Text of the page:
The company has requested information from RSP on how to fund research conducted by the faculty member’s students at WSU.  Such funding would represent a “conflict of interest” and would require formal review to determine if it could be managed appropriately.
Generally, these types of funding relationships are discouraged unless it can be demonstrated that the research cannot be conducted without the involvement of the conflicted person or persons, that the goal of the research is consistent with the WSU’s mission and that potential benefits of the research are not limited to the sponsoring company or individual.


What is meant by “financial interest” and “significant financial interest”?
A “financial interest” means anything of monetary value or potential monetary value held by the Investigator, the Investigator’s spouse and/or dependent children.
Examples of financial interests include but are not limited to:

  • salary or other compensation for services including: consulting fees, honoraria, speaking fees, serving on advisory boards/panels, directorships, executive roles, or other special relationships;
  • equity interests including stocks, stock options, or other ownership interests (LLCs, sole proprietorships, corporations);
  • intellectual property (IP) rights including patents and copyrights; or
  • royalties, licensing fees, or other similar payments deriving from IP rights that are related to the research at issue.

Under the current federal regulations and university policy and procedures, a financial interest is considered significant when it reasonably appears to be related to your institutional responsibilities and:

  • the value of any remuneration received from any publicly traded entity in the twelve months preceding the disclosure and the value of any equity interest in the entity as of the date of the disclosure, when aggregated, exceeds $5,000.  Remuneration includes salary and any payment for services not otherwise identified as salary (e.g., consulting fees, honoraria, paid authorship, travel reimbursement). Equity Interests includes any stock, stock option, or other ownership interest, as determined through reference to public prices or other reasonable measures of fair market value;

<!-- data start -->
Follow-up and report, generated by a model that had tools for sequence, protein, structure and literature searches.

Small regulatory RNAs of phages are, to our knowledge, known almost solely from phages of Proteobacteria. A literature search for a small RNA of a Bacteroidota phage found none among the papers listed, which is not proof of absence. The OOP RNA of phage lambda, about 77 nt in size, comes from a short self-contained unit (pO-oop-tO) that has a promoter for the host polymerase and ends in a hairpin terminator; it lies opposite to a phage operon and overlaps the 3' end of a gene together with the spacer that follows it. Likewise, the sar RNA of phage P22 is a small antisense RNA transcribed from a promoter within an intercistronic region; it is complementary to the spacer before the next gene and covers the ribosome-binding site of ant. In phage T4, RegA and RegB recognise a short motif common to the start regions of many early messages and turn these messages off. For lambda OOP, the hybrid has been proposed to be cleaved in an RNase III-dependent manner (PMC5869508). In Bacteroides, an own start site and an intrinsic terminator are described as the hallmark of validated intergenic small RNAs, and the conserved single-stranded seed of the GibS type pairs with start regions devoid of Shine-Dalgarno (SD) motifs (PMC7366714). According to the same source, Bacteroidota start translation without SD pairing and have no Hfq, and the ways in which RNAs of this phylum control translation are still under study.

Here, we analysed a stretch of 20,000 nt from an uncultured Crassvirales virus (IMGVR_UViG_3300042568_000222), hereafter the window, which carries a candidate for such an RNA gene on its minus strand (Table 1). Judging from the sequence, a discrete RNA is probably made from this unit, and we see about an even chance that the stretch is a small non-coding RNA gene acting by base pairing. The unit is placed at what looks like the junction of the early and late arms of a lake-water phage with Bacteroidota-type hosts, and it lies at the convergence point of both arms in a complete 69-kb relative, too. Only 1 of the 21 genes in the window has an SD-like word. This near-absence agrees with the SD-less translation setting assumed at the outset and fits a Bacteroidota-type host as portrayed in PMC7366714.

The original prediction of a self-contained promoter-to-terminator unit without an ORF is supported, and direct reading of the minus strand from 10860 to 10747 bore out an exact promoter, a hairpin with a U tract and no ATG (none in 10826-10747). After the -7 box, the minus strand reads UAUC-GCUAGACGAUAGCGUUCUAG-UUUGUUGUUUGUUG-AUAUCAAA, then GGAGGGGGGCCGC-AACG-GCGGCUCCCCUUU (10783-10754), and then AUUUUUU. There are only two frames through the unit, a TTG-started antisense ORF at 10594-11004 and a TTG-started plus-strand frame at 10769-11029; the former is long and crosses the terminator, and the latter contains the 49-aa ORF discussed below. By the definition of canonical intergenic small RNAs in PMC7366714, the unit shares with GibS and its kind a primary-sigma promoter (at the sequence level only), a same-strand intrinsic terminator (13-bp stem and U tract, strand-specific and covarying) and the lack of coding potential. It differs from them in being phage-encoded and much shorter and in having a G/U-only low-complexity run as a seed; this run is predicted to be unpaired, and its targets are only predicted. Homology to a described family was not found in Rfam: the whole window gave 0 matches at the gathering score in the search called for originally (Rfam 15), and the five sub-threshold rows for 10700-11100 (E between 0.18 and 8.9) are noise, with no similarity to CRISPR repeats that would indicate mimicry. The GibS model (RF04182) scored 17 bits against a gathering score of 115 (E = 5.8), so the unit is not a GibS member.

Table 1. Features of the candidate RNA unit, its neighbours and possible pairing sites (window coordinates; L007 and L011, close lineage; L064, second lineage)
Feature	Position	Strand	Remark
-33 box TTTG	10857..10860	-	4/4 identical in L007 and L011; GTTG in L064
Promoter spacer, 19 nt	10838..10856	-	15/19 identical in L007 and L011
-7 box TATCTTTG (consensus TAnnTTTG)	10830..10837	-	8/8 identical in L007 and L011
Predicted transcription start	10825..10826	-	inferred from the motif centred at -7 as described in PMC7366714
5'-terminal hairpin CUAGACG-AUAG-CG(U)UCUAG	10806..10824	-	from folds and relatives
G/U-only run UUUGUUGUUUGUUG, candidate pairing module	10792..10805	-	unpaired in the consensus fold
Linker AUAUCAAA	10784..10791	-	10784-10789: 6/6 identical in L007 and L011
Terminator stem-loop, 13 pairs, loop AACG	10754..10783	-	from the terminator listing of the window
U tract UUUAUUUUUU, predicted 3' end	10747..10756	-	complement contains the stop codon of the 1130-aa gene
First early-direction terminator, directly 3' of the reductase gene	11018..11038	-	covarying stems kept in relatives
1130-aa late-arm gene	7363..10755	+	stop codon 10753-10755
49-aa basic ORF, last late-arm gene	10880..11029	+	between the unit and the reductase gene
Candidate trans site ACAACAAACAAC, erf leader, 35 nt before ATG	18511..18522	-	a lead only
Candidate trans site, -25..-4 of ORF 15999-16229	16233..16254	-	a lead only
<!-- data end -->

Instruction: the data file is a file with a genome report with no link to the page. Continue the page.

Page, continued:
• An Investigator received $3,000 in consulting fees from Company A in the past 12 months.  Her husband owns $2,500 worth of stock in Company A.  This would be a significant financial interest ($3,000 + $2,500 > $5,000) that must be reported.
  • the value of any remuneration received from a non-publicly traded entity in the twelve months preceding the disclosure, when aggregated, exceeds $5,000, or the Investigator (or the Investigator’s spouse or dependent children) holds any equity interest;
    •  An Investigator has an equity stake in Start-Up Company B, a private biotechnology firm whose only products are in the early research and development stage.  Even if the Company B has zero net worth at the time this would be a significant financial interest that must be reported.